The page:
by Safaraz Ali, CEO – Pathway Group
As you are reading this article you may be wondering, how and when to scale your business.
The important question to consider first is a slightly different one which is: Why? Why would you scale your business?
When you have a growing, profitable business, there are inherent risks. Typically, the underlying issue is that the management’s capacity falls behind the needs of the day-to-day operations, which leads to growth pains such as high organisational stress and negative disruption. These types of growth problems can quickly spiral out of control and it is then difficult to recover.
Long-term business survival rates are low; and we hear this so much that we can get slightly immune to the reality and think it will be different for us! If you are seeking to scale your business, then before you begin, it is crucial to understand the risks you may need to take and the sacrifices you may have to make.
To maximise your growth potential and to scale, at times you will need to consider stopping first, reconciling, evaluating – in fact just taking the time to look within. You must be willing to be completely open-minded, which is often easier said than done, be willing to unlearn, relearn as well as learn. This may include listening to things that it may not thrill you to hear. The worst thing to do here is to allow fear or worst your ego to prevent you from assessing the steps you need to take.
For example, it is a mistake to assume that as the founder, you are fully capable of taking your business to the next level. The best recent example of this is Ben Francis, the founder, and current majority owner of Gym Shark.
Ben Francis established the now billion-pound-plus business with the help of school friends but stepped down as CEO and moved to the position of Chief Brand Officer in 2017.
Ben Francis publicly stated that one needs to build the team in a way that is truly best for the business.
You may in fact be the best person for the role, and have the hunger and skills to develop, grow and scale the business however it is critical to understand that scaling requires a different skillset and strategy to those of creating a start-up. Unless you understand the new requirements and the implications–both for the company and for you as the leader–the odds of failing will be high.
It is obvious that a company made up of ten people will be different to one of fifty, one hundred, one thousand, and so on. The challenges and complexities are different, such as the requirements for the structure, management team skills, board structure, and cash-flow. Growing pains caused by a misunderstanding of the best way to scale the business may stop growth or even result in negative or at worst a critical situation, which is why it is vital to focus on how to retain competitive advantage.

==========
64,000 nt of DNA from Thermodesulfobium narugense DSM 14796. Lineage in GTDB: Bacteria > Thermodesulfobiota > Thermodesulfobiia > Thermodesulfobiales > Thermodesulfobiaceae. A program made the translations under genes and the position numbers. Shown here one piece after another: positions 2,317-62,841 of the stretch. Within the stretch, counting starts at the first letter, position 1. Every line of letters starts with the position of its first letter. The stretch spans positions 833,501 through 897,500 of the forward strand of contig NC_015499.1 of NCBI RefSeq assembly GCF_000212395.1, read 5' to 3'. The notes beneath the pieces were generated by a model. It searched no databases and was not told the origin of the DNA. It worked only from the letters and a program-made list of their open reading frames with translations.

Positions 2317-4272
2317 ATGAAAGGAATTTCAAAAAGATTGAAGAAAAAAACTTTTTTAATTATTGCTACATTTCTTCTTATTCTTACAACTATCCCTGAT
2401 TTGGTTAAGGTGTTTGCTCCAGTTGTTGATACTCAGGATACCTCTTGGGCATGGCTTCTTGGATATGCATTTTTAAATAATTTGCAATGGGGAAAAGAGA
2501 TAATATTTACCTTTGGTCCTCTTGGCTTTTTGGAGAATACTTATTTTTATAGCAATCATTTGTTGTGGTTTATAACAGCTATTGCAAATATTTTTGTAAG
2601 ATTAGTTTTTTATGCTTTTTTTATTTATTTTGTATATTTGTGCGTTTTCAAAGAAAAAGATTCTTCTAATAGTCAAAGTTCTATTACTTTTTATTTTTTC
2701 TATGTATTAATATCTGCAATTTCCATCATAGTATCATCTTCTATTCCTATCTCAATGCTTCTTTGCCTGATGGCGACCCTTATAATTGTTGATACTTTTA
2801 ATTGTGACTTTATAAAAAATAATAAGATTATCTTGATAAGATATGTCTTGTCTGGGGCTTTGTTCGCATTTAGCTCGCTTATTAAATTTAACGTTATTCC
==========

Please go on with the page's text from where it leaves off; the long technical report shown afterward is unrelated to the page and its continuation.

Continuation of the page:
The Biggest Challenge of Scaling
To successfully scale a business, a founder must typically retrain their instincts.
I would even say that a founder’s usually infallible gut instincts can be a liability with scaling. There is no getting over it; scaling often is a complex and rigorous process which requires careful planning and a powerful team.
When a business is in its infancy, its leader will typically make decisions based on their instincts. The leader will draw on their knowledge and experience to generate and execute solutions. Instinctive type management often work well for a small, agile company, but if decisions are made with an instinctive leadership style during the complex process of scaling, in my view the business frequently suffers.
The leader or founder needs to stop making all the decisions themselves because they will not have time, and often may not be the right person to make every decision. This can be particularly challenging for an entrepreneur who is used to being involved in every move. But to scale successfully, giving up some level of control is vital. The leader who does not release some of his authority, risks becoming a bottleneck and ultimately leads to poor decisions.
Scaling demands that leaders put aside their visionary qualities, which often is not easy. Most entrepreneurs are not natural scalers; they enjoy autonomy and flexibility which are typically entrepreneurial qualities and the reason many enjoy the start-up phase. Scaling is primarily operational and administrative, and it takes time to put the systems in place, which is something you must accept if you commit to scaling.
I will conclude by saying I do not actually evangelise scaling your business as it is not necessarily the best route for everyone. It all starts with you, so it is essential to first achieve clarity on your “why”.